MinKwon Community Center receives $100K for Flushing Hate Free Zone initiative

The MinKwon Center for Community Action in Flushing received $100,000 from state Assemblyman Ron Kim in support of their Flushing Hate Free Zone campaign that was established in response to Asian hate crimes amid the COVID-19 pandemic. (Photo courtesy of Assemblyman Kim’s office)

State Assemblyman Ron Kim announced on Tuesday, April 19, that he has secured $100,000 from this year’s state budget to support the Flushing MinKwon Community Center’s new initiative: the Flushing Hate Free Zone. 

During a press conference held at the center, located at 133-29 41st Ave., Kim said he was honored to support the important work that the organization and its partners are doing for the community.

“There is nothing more powerful than joining arms to root out bigotry and hate. With this funding, we hope that we are one step closer to realizing these goals through the Hate Free Zone in Flushing, and ensuring that our neighborhoods remain inclusive, tolerant and welcoming,” Kim said. 

State Assemblyman Ron Kim speaks at a press conference at the MinKwon Community Center for Action on Tuesday, April 19. (Photo courtesy of Assemblyman Kim’s office)

The Flushing Hate Free Zone was established as a response to the overwhelming increase in Asian hate crimes since the onset of the COVID-19 pandemic. In early February, the MinKwon Center partnered with the Greater Flushing of Commerce and other community organizations to announce the initiative. 

The program will utilize a multifaceted community-based approach to root out all forms of hate. It will include “Know Your Rights” canvassing around cross-cultural solidarity and safety for immigrant families; a hotline providing limited victim assistance services to people directly impacted by hate violence; and a new safe space for LGBTQIA+ high school youth based in Flushing, along with multilingual upstander/bystander instructional information.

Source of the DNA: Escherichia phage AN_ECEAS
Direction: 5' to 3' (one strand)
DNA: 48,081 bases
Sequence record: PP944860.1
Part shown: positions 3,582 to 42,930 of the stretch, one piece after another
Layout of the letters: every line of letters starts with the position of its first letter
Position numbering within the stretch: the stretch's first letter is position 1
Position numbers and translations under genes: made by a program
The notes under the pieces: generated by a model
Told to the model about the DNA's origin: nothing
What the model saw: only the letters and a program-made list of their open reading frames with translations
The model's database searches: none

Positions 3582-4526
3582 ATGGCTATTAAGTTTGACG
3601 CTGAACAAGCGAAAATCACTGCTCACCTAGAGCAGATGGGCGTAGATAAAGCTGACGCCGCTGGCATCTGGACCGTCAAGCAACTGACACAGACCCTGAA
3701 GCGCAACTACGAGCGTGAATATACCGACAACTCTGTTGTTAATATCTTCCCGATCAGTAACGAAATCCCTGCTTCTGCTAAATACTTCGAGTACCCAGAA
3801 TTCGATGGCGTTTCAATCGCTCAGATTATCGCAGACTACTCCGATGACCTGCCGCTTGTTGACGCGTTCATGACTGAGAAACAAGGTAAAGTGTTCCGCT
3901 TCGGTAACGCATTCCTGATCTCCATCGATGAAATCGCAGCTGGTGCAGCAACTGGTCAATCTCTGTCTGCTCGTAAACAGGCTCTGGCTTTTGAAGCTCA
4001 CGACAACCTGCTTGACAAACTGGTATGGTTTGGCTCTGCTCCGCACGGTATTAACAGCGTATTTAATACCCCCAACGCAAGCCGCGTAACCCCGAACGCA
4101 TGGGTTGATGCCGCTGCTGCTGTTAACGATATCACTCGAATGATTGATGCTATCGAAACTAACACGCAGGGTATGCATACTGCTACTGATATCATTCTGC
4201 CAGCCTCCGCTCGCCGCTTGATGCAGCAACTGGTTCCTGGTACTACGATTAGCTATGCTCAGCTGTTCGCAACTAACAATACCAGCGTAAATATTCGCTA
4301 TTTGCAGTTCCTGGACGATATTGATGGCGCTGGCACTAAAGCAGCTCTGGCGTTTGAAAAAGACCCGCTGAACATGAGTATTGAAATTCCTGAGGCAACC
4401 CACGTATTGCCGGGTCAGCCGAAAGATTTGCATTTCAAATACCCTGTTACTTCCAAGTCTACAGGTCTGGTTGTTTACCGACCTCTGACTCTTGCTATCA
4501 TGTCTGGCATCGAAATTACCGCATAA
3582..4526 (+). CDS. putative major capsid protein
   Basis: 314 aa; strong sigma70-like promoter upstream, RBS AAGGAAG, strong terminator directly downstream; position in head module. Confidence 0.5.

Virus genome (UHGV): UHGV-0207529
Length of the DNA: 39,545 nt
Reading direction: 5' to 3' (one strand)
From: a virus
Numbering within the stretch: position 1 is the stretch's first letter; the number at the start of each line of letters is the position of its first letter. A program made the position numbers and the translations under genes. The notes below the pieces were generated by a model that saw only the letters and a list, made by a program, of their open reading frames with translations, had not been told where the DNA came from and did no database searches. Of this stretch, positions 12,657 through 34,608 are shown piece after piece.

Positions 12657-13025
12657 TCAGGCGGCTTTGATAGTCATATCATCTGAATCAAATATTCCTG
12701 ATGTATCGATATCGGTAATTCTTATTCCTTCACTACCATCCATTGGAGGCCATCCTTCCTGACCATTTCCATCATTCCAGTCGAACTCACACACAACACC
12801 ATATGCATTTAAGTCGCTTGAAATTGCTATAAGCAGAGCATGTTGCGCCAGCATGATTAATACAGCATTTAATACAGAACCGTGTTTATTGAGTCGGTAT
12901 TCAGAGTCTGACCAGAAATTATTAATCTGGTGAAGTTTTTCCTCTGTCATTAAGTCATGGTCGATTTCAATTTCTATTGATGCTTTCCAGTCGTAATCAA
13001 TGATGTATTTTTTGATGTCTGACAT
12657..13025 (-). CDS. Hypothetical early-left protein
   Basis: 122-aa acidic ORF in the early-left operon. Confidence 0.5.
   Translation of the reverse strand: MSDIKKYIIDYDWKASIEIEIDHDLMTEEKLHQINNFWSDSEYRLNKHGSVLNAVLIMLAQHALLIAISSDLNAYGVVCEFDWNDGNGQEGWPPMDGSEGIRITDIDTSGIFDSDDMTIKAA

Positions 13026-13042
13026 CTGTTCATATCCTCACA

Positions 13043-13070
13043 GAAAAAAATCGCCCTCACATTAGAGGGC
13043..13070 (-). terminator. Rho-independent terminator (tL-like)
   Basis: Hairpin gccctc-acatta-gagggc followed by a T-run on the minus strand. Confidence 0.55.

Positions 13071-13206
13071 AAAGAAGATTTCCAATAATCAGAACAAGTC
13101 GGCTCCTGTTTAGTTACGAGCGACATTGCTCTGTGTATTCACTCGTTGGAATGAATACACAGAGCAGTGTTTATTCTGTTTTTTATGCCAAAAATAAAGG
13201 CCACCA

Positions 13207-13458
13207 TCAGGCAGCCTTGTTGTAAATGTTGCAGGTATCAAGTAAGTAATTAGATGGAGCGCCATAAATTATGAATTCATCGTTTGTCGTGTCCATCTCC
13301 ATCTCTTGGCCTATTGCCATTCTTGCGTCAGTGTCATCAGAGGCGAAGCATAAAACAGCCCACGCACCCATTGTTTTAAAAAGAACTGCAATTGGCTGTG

Other organizations participating in this initiative include the Flushing Chamber of Commerce, Flushing Interfaith Council, Macedonia AME Church and the Flushing Free Synagogue.

To date, 350 small businesses in Flushing have agreed to post “Hate Free Zone” flyers on their storefronts, according to Hailie Kim, housing organizer at the MinKwon Center. 

Recently, the center helped raise $10,000 to cover the medical costs for Chang Lim, who was attacked outside of Flushing Motel in March. They also raised more than $100,000 for another victim, Eun Hee Chang, who was attacked outside of a pizzeria in Elmhurst. 

“Ms. Chang said what made her feel safe was knowing that two of her neighbors were willing to step in and help her when she needed it the most. We hope to bring a sense of care and respect for one another into Flushing through this project,” Kim said. 

John Park, executive director of the MinKwon Center, said they will continue to follow the Flushing tradition of protecting people’s religious rights and welcoming everyone to the community. 

“If people know the history of Flushing, it’s a long history of protecting religious rights. This is what Flushing has always been about and we welcome anyone regardless of who they are, where they come from, who they love and what their faith is,” Park said. 

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